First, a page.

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Ten days is a long time in football...the new era is dawning

The last couple of weeks has been quite a period in Bristol City’s long history. It’s been chaotic, troublesome and concerning. There’s been anger and abuse (more on that later), antipathy and arguments. And, as is the way with football, things tend to move very quickly. There is now more than a murmur of excitement (not quite full-blown, mind) and significant nodding of approval at the choice made by the club this week. In between all of this City won a game of football, albeit against a team bottom of the league playing with ten men for most of the match. But they won, and got three points and moved back into the top half of the table. Underperforming and not where the club wants to be…? Margins are fine, that’s for certain. So, what has been learned, with the announcement of Liam Manning as Head Coach on Tuesday and what myths do need to be busted? Firstly, the club communications are like Jekyll & Hyde. The engagement pieces, insight videos and some of the fun nonsense
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Bright Knight of the City

  The lesser-spotted blog post... The string of summer signings has inspired the first post in a year, with a focus on new £2m(ish) signing, Jason Knight. He has been likened by some to Korey Smith, his former team-mate at Pride Park, whilst his high-energy approach has been praised widely. To get the real lowdown I spoke to avid Rams fan, Cory Hancock , of top Derby pod Ram's Review .                                                    Picture from Bristol City  Tell us about Jason Knight. What type of player are we getting? An energy player who will run all game long. Knight’s engine is second-to-none. He will run hard for the team and do the work of two players. That’s not to say he runs around like a headless chicken, but he will go box-to-box for 90 minutes. He’s also a solid and consistent performer who rarely lets the side down. He’s played a few different positions, I think most expect him to be straying centrally for us as one of two holding midfielders. Woul

Bristol City: Our Greatest Team to the Ashton Gate Eight

Back in 2014, I was invited by the Two Unfortunates website to write about Bristol City's greatest team. It was a story which, of course, ended ultimately in the story of the Ashton Gate 8. Since the site of the original post has long since gone, here it is republished in full. "Eight players with more than 80 years at the club and more than 2,000 appearances between them, cast aside as unwilling saviours" Sometimes, events occur that make you realise your true standing in life. When the emotional mask of expectation is removed and those rose-tinted spectacles are lowered onto the brow of the nose, you can realise that things aren’t quite all they seem. And so it was for me, a lifelong Bristol City fan, when I was asked to talk about our greatest ever team. For when it came down to it, there was only one real choice. One genuinely great team that I could write about even in the perspective-bending world of football and this was one I hadn’t even had the privilege of seein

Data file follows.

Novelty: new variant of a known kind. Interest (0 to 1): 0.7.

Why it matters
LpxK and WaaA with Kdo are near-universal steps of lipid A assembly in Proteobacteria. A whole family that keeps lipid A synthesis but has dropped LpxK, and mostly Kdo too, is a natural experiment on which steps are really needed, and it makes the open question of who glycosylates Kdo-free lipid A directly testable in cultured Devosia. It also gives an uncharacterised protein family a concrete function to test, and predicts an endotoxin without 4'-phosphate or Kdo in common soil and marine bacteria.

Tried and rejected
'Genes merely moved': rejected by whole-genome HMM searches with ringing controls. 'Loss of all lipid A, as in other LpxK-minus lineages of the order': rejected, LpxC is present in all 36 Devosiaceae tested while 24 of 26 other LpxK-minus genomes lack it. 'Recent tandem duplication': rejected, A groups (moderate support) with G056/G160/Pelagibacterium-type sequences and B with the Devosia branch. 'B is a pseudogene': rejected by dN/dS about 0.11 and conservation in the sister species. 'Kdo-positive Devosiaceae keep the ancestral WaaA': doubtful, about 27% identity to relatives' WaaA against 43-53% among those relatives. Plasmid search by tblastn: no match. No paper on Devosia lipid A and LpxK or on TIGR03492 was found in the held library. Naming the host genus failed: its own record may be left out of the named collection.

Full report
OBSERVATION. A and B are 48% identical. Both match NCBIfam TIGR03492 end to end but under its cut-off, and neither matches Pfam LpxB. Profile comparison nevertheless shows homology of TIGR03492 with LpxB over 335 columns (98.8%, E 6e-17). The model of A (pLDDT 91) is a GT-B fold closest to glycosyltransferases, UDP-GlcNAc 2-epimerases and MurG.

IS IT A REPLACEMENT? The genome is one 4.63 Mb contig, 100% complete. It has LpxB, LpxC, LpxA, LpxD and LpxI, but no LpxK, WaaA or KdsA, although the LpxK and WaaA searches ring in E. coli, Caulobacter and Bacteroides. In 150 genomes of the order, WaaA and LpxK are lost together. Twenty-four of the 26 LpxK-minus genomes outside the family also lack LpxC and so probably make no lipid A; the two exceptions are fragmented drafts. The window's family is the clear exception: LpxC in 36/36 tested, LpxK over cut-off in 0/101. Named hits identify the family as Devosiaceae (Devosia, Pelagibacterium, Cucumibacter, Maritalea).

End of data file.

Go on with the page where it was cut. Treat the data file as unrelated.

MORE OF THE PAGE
Cause for optimism despite the lack of games won

Hi folks, It's been a while...a busy life and distinctly average, consolidation-season City form has somewhat taken away my enthusiasm for writing recently.  But in what I hope will be the first of a number of pieces for the newly-established Bristol World , I've taken a look at what the season has brought us Bristol City fans so far. You can find the link here - as ever on anything I write I'm more than happy to debate and open to comments - feel free either on the post or over on their tweet.   READ THE ARTICLE HERE COYR

Sweeping floors, driving the minibus and winning at Wembley. R.I.P. Terry Cooper, Bristol City hero

For nearly 100 years of their existence, Bristol City had trundled along like many other middling Football League clubs. A couple of promotions, a handful of relegations, the odd shot at glory and a clutch of notable former players and moments had been strewn across the century. Then in 1976 that changed with promotion to an increasingly high-profile First Division. That story has been well told by many, with the ultimate repercussions leading to the story of the Ashton Gate Eight, men who sacrificed their future prosperity and family’s stability to ensure the very survival of our club. And most of those stories stop there. The remarkable gesture is a great ending to a story, and what came next is just seen as a gradual re-establishment to our standard jostling within the middle two divisions. But to skip over that period of the mid-to-late 1980s would be disingenuous to a man who was front and centre of Bristol City’s recovery, a man who rebuilt the foundations on a shoestring and

A Season of Unfortunate Events

You could almost hear the collective sigh of relief across south Bristol at half-past-two on Saturday afternoon, as referee James Linington drew an end to one of the most disappointing and frustrating seasons in recent Bristol City history. Awful because we haven’t been able to go to games. Awful because of the never-ending stream of injuries, serious injuries, repeat injuries. Awful because of the inability to take enough shots on goal. Awful for the basic inability to pass the ball which has blighted our performances throughout the season. Awful for the apparent lack of care from a number of senior professionals in the last third of the season. Despite their constant references to fans being missed, I suspect there is a fairly significant contingent of players, staff and directors at Ashton Gate saying a little prayer of thanks that fans haven’t been allowed in during these last few months. The atmosphere would have fluctuated from frustration to anger to sheer vitriol, certainly